Home>Feature>The O’Toole Chronicles: Others Will Wear Ron Rice’s shoes, but Nobody Will Ever Fill Them

State Sen. Ronald L. Rice (D-Newark). (Photo: Office of Senator Rice.)

The O’Toole Chronicles: Others Will Wear Ron Rice’s shoes, but Nobody Will Ever Fill Them

By Kevin O'Toole, March 16 2023 12:01 am

It is with great sadness that I find myself writing this column. Today I take a moment to salute former Senator Ronald Rice, who recently passed away after an illness took him prematurely from this Garden State.

It struck me that in the years to come; countless others will use their seats in the legislature to continue Senator Rice’s lifelong pursuit of racial equality and his dogged and heartfelt advocacy of civil rights issues. But there will never again be someone who can speak out about those issues from Ron’s unique perspective – a man born in the South when Jim Crow laws discriminated against him and his family.

Senator Rice’s point of view was shaped from an early age as an eyewitness to a horrible part of our nation’s history. He experienced what it was like to attend segregated schools, use segregated bathrooms and water fountains, and be forced to sit in the back of the bus.

Our State’s future will undoubtedly see other effective leaders who will follow in Ron’s footsteps as the voice of those who oppose bigotry.  I hope they take the time to learn the story of Ron Rice and the doors he kicked open during a career of service to his community, state, and country.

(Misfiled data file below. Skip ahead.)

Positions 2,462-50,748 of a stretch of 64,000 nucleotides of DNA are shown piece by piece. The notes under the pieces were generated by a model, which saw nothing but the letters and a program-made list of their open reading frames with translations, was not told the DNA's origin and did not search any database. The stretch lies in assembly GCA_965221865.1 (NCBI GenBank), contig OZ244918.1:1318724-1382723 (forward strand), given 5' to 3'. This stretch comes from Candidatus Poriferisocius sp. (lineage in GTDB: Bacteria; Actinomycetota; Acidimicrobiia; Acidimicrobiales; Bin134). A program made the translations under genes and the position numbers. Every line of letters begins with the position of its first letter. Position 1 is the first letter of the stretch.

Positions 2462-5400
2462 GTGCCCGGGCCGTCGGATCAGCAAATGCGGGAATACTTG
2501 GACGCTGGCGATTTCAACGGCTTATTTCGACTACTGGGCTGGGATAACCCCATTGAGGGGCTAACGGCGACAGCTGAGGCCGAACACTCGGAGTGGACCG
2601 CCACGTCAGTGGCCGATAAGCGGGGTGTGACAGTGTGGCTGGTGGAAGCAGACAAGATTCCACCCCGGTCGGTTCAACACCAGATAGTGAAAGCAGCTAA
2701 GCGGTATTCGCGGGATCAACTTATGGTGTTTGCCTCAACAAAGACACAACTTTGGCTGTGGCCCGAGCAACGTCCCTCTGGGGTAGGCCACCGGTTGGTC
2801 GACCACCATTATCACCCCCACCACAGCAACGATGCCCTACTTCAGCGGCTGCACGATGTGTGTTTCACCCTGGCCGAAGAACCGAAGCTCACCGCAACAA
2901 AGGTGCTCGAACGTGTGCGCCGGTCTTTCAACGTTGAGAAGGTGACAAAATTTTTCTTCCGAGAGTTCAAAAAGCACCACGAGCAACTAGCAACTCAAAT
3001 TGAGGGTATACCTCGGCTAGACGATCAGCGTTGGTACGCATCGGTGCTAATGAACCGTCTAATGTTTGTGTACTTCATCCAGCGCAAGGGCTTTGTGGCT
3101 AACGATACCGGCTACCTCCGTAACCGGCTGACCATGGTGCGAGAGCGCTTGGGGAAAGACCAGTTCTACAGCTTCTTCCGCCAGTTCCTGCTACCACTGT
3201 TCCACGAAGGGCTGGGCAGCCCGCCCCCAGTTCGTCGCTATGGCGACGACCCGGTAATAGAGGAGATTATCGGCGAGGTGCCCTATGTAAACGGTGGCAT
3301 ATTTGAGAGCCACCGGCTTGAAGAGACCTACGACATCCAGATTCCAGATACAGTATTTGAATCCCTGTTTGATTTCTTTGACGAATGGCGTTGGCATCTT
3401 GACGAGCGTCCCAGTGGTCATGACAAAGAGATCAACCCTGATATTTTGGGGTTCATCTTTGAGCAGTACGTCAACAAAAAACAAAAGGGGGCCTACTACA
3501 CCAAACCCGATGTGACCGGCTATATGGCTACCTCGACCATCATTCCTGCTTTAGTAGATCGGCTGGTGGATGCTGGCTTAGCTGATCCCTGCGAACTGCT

I served in the State Senate with Senator Rice for two non-consecutive periods (10 months from 2001-2002 and 2008 to 2017). Senator Rice was astoundingly principled and incredibly resourceful.  Ron and I didn’t agree on many issues, but I truly respected the fight he brought to the floor and the passion and resiliency he captured.

He was a former United States Marine veteran who saw action in the Vietnam War and was decorated several times for his military bravery.

Remarkably, Ron served for over 40 years in elected office. He spent 16 years on the Newark City Council and 36 years in the State Senate. While in the Senate, I never heard Ron talk about his courageous service, but I did learn that he still fit in his military uniform some four decades later.

Senator Rice was passionate about Newark and the West Ward. He sponsored legislation dealing with tenant rights, health care, affordable housing, and the criminal justice system. We could all learn much from how Senator Rice carried himself and never allowed himself to be bullied or bulldozed by other political giants.

I saw first-hand in 1997 when Ron was given one of his most significant political challenges – political forces lined up and put a formidable opponent, Laurence Brown Jr., against him in a primary. Ron battled for his Senate life and barely won – 10,094 to 8,976.

Ron was never impressed by others’ rhetoric and always stood firm on his ideals. Senator Rice had a way about him when he spoke.  Whenever he took to speak on the Senate floor, he, much like Senator Nia Gill, I would always stop to listen to every word. Senator Rice’s speeches carried an authenticity and connection, regardless of which zip code you came from, you felt what he was saying.

Today I say thank you to Senator Rice for his service.

Let me say this about Senator Rice, which will forever separate him from others who will attempt to follow in his footsteps: people will wear his shoes, but never completely fill them.

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